Rachel Lloyd (b. 1975)

Rachel Lloyd (b. 1975)

Lloyd is the founder and executive director of Girls Educational and Mentoring Services (GEMS). She is an activist, international speaker, and nationally recognized expert on child sex trafficking in the United States. She played a foundational role in the passage of the 2010 Safe Harbor Act for Sexually Exploited Youth, which puts into effect protections from prosecution for youth victims of sexual exploitation.

Lloyd’s organization serves young women and girls who have experienced commercial sexual exploitation. Her advocacy is important because she examines the ways in which misogyny and violence are normalized in popular culture. She has won countless awards for her activism and is featured in the 2007 documentary Very Young Girls.

Source: www.gems-girls.org/about/our-team/our-founder

The Equal Rights Amendment (ERA) in full: Section 1. Equality of rights under the law shall not be denied or abridged by the United States or by any state on account of sex. [The ERA has not passed.]

Fortune 500 CEOs: 98% male The 10 richest Americans: 100% male Forty-five U.S. presidents: 100% male Forty-five U.S. vice presidents: 100% male U.S. Congress: 81% male U.S. mayors: 82% male U.S. governors: 92% male The 10 richest Canadians: 100% male Twenty-two elected Canadian prime ministers: 100% male Canadian House of Commons: 74% male Canadian provincial premiers: 77% male Canadian mayors: 82% male




These numbers illustrate that, by definition, oppression is a one-way historical imbalance of legal and institutional power; there is no reverse sexism or any other form of oppression. If men as a group chose to deny women’s civil rights, they could; if women as a group wanted to deny men their civil rights, they could not.

Feminism: The belief that women are equal to men. The advocacy for the social, economic, and political equality of all sexes.

Returning to the vignette that opens this chapter, consider the platform our candidate ran on. This platform—as well as his success running on it —illustrates how tenuous women’s gains are and how critical it is that we not take them for granted. It also illustrates that both groups internalize dominant ideology, while dominant ideology only serves one group’s interests. This is demonstrated in the fact that the majority of men (as well as women) also voted for this candidate.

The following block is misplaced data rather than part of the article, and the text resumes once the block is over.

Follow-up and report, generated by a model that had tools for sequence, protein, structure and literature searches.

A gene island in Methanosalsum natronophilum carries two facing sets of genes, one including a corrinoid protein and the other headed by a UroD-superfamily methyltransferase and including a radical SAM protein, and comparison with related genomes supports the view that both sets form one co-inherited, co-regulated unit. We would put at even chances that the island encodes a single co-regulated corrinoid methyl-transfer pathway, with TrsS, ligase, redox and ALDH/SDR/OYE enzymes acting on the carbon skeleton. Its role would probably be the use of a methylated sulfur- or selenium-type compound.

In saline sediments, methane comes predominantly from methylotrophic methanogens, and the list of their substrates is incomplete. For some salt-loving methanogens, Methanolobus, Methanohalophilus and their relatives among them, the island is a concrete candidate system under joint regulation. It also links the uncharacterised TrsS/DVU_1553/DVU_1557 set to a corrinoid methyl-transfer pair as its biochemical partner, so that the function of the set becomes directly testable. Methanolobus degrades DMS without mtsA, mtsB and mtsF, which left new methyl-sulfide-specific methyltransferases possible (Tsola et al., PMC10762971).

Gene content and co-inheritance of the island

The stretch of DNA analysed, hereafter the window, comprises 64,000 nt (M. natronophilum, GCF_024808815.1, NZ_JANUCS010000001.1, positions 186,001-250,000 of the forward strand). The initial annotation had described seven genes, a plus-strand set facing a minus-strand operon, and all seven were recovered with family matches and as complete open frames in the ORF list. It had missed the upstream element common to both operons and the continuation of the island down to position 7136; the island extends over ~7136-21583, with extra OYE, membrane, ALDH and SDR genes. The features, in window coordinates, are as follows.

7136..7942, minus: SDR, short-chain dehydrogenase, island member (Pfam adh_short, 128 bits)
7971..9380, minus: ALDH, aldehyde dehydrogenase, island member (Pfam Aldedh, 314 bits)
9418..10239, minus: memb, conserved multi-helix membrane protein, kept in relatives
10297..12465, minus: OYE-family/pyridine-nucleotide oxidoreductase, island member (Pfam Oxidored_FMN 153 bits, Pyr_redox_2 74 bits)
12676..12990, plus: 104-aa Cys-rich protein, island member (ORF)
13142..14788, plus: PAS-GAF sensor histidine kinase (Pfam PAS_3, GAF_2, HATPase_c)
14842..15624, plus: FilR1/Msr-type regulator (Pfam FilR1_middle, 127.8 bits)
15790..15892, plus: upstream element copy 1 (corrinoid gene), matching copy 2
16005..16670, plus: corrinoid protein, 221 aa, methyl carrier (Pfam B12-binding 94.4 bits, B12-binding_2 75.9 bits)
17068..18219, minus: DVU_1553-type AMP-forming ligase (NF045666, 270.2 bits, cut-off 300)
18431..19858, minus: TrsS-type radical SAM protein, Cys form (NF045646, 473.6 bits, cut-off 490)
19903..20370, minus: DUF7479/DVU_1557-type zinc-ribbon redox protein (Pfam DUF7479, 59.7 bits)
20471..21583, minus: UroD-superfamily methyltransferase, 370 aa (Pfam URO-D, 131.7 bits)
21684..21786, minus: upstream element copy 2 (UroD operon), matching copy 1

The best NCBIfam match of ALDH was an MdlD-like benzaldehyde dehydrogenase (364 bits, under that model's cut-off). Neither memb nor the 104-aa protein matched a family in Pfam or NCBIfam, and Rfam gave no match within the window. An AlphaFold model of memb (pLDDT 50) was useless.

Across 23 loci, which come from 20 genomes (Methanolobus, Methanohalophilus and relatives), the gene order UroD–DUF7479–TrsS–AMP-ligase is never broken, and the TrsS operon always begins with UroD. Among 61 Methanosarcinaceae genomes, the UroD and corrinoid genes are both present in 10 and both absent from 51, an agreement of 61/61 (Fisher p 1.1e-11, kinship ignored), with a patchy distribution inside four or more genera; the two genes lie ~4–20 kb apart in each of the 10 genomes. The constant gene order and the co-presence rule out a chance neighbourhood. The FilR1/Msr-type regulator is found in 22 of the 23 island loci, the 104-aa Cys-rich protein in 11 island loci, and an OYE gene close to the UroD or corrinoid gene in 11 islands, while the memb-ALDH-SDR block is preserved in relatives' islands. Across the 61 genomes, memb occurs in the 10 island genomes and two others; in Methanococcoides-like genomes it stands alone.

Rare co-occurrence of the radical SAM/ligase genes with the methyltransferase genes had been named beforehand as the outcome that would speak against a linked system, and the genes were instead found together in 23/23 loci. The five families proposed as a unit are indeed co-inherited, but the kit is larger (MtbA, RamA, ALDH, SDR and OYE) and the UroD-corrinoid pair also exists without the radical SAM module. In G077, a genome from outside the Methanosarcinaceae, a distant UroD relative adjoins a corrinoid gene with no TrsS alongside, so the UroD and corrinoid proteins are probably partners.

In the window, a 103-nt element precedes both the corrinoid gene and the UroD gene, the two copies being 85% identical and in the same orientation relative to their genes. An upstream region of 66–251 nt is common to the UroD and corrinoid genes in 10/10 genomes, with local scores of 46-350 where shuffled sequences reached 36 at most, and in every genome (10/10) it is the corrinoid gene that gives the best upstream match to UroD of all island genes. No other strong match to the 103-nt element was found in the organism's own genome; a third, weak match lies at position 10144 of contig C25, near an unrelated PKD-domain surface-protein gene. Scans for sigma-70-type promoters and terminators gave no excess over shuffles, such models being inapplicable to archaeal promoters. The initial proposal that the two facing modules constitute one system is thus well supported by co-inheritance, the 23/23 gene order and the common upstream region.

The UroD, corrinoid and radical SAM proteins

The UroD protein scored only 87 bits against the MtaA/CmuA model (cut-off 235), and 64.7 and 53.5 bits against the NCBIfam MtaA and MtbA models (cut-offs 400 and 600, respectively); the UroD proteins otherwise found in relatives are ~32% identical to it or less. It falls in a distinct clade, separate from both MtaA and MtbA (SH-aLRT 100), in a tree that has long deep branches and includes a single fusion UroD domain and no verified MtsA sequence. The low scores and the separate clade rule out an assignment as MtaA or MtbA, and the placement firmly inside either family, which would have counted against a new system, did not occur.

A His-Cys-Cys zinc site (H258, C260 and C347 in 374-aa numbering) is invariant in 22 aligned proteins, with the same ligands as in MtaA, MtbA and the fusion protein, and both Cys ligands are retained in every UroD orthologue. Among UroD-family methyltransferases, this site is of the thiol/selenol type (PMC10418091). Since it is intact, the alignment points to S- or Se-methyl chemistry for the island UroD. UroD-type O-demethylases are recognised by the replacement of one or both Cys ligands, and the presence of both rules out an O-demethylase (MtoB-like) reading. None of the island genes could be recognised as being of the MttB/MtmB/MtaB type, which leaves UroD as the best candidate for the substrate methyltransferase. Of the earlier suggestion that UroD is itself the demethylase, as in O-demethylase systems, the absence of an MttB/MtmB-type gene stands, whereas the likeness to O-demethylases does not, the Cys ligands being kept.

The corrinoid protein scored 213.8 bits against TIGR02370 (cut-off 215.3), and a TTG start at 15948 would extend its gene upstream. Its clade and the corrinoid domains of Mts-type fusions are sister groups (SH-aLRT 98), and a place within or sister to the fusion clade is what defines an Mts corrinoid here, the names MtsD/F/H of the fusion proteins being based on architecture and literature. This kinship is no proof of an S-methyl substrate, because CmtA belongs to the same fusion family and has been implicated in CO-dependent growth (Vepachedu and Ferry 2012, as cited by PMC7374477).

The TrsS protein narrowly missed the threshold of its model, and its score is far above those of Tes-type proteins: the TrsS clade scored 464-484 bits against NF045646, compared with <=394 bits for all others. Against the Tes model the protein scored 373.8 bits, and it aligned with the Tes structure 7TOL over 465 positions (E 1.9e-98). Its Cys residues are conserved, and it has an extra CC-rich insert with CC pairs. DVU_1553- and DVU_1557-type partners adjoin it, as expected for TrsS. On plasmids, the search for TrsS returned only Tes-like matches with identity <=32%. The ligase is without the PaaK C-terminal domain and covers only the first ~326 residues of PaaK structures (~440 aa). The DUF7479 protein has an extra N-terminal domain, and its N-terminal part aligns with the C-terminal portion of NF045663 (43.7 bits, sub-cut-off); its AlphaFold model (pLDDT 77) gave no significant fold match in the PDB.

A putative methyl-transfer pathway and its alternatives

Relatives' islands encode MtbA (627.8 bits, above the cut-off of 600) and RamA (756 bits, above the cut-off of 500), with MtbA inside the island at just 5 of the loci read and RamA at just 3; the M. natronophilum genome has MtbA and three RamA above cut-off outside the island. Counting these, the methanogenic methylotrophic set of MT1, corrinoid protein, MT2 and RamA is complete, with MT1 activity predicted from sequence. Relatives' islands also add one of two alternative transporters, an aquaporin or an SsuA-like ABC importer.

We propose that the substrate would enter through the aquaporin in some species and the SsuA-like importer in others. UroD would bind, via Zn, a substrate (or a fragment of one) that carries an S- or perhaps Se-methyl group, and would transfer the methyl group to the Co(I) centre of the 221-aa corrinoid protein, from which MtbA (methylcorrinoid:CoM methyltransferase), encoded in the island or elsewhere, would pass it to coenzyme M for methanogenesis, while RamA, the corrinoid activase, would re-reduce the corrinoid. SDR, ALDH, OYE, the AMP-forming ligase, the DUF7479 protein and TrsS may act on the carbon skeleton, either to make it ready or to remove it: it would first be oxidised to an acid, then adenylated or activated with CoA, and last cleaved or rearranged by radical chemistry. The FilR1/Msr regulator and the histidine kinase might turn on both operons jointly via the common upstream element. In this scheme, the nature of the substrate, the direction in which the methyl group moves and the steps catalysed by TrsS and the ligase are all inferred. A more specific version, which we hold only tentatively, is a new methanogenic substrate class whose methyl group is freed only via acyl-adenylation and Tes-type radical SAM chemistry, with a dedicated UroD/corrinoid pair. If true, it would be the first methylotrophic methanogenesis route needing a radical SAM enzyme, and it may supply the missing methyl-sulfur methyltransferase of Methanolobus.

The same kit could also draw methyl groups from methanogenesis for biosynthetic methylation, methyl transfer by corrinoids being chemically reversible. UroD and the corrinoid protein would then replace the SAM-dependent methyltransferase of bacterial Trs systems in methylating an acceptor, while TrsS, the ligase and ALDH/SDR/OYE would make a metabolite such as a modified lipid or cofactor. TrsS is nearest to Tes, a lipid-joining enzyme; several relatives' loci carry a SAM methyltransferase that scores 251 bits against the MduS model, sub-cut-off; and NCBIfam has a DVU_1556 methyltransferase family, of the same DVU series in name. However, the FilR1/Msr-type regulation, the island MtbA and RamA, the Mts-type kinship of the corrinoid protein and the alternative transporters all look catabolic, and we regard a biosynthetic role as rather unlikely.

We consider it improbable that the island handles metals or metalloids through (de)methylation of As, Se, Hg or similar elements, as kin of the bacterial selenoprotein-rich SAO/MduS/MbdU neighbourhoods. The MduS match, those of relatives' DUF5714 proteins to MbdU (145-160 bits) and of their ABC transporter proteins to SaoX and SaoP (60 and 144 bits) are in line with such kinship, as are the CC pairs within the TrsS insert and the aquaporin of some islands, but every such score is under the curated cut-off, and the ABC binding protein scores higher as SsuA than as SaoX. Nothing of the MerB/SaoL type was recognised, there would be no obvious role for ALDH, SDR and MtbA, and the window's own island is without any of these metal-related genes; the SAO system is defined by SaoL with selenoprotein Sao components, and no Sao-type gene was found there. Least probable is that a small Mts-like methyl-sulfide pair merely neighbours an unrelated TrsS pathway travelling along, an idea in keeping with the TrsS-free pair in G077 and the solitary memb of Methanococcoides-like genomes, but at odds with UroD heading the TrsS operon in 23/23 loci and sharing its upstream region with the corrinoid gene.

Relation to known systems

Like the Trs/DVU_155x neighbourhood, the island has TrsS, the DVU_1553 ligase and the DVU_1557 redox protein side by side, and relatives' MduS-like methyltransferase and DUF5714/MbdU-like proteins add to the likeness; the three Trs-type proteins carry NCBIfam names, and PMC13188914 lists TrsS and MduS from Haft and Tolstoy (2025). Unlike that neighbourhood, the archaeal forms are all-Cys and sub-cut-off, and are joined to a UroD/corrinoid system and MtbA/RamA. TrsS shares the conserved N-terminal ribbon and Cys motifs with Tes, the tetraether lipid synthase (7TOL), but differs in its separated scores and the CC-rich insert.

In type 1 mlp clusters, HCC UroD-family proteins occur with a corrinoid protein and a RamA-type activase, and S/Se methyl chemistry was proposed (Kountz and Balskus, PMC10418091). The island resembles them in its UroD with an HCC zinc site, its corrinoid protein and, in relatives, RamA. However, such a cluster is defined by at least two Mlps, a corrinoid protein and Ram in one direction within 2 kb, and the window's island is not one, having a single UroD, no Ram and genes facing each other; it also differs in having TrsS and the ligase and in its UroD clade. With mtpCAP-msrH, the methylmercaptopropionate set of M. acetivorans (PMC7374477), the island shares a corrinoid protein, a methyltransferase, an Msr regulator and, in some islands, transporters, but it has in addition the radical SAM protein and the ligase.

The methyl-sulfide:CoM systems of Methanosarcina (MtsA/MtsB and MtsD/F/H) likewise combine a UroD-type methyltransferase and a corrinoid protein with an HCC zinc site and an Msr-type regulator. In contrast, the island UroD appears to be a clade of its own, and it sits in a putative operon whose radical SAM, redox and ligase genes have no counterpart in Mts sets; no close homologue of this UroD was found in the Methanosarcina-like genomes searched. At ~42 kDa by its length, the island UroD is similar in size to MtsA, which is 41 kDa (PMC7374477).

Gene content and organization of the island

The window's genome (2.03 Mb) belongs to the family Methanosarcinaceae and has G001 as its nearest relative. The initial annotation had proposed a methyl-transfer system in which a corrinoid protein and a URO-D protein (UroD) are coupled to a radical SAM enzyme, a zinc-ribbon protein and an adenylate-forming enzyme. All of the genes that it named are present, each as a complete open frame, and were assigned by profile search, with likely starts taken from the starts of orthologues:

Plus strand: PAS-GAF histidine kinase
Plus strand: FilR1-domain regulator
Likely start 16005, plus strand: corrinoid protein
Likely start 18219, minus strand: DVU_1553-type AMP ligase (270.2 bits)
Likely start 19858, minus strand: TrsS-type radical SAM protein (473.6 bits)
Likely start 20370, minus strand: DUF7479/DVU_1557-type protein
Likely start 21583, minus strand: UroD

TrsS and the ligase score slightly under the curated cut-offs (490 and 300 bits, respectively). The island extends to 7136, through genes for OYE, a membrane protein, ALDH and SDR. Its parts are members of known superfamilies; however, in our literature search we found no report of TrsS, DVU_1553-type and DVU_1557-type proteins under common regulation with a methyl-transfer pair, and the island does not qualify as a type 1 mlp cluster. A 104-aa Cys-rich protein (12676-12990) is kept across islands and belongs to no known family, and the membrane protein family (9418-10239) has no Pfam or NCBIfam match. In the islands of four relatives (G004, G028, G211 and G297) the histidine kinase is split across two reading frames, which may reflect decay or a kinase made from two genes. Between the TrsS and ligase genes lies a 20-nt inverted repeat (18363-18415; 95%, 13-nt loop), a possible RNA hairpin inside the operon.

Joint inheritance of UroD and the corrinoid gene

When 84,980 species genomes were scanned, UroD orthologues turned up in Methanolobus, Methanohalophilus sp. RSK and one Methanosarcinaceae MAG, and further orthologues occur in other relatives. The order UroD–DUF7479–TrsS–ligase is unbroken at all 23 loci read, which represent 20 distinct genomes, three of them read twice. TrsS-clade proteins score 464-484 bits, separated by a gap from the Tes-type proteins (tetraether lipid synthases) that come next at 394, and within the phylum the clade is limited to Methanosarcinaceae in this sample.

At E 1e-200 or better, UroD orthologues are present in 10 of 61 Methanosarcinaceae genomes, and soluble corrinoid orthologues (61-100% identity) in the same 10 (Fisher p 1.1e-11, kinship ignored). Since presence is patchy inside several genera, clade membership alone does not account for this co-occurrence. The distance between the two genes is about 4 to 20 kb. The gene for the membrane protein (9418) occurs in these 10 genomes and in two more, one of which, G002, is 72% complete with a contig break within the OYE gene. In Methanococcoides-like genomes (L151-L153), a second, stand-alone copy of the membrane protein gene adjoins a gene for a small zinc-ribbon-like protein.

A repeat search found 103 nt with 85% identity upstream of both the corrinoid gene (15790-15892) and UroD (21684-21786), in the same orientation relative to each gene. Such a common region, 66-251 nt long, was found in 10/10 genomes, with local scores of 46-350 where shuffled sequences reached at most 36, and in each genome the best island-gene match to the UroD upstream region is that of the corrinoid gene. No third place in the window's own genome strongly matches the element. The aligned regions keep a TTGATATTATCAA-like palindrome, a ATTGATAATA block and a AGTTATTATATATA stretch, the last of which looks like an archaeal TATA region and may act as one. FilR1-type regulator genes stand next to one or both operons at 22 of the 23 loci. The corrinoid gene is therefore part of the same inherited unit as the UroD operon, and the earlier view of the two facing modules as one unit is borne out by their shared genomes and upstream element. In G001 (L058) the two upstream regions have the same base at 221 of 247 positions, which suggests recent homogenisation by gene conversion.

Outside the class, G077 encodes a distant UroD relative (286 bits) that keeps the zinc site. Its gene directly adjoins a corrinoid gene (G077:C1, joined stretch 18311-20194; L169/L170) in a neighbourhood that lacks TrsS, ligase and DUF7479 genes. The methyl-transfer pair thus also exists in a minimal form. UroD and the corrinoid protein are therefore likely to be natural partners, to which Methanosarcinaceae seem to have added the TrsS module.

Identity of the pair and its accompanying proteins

Feminism is defined as the advocacy of women’s rights, based on the idea that men and women are equal. Whose interests does it serve to represent feminism in false, reductive, and dismissive forms, so that many women (as well as men) distance themselves from it?

Discussion Questions

1. According to the authors, oppression is difficult to see. Discuss some of the reasons why this is so.

2. Pick a social group and describe how that group is represented in advertising, music videos, movies, magazines, and wider popular culture. As an extension activity, you might collect some data on how that group is represented in various institutions besides media (remember, a group’s absence is also significant).

3. The authors argue that there are three reasons why sexism is difficult to see: the focus on individuals rather than patterns, the influence of corporate culture, and the ideology of civilized versus uncivilized people in the world. Explain in your own words what each of these are and how they work.

Extension Activities

1. The authors argue that one of the most common patterns in dominant culture that makes oppression difficult to see is the focus on individual people or issues, rather than on broader patterns. Identify a well-known




individual from a minoritized group who has been held up as “making it” and generate a list of the ways in which oppression (organized at the group level) is obscured by mainstream representations of that individual. What does focusing on a single person prevent us from seeing?

2. Spend an evening recording information contained in commercials depicting the “average family.” What is the composition of the average family? What do they do? What kinds of activities does each member of the family engage in? Record all the places you have seen this “average family” in mainstream culture. How do they communicate to us what is normal in terms of race, class, gender, ability, and sexuality? How does their presence function as a kind of “looking-glass self”?

3. Watch the documentary film Very Young Girls (2007) by David Schisgall and Nina Alvarez, an exposé on the sex trafficking of adolescent girls (www.gems-girls.org). Imagine that you are a journalist investigating this issue. Research at least two other anti-sex-trafficking activists/organizations in addition to Rachel Lloyd and GEMS (see Figure 7.1). Based on what you learn, convey the issue to the broader public or your peers, in ways such as (but not limited to) the following: a poster, stencil art, article, graph, or short public service announcement video (3–5 minutes long).

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Rachel Lloyd (b. 1975)
Rachel Lloyd (b. 1975)

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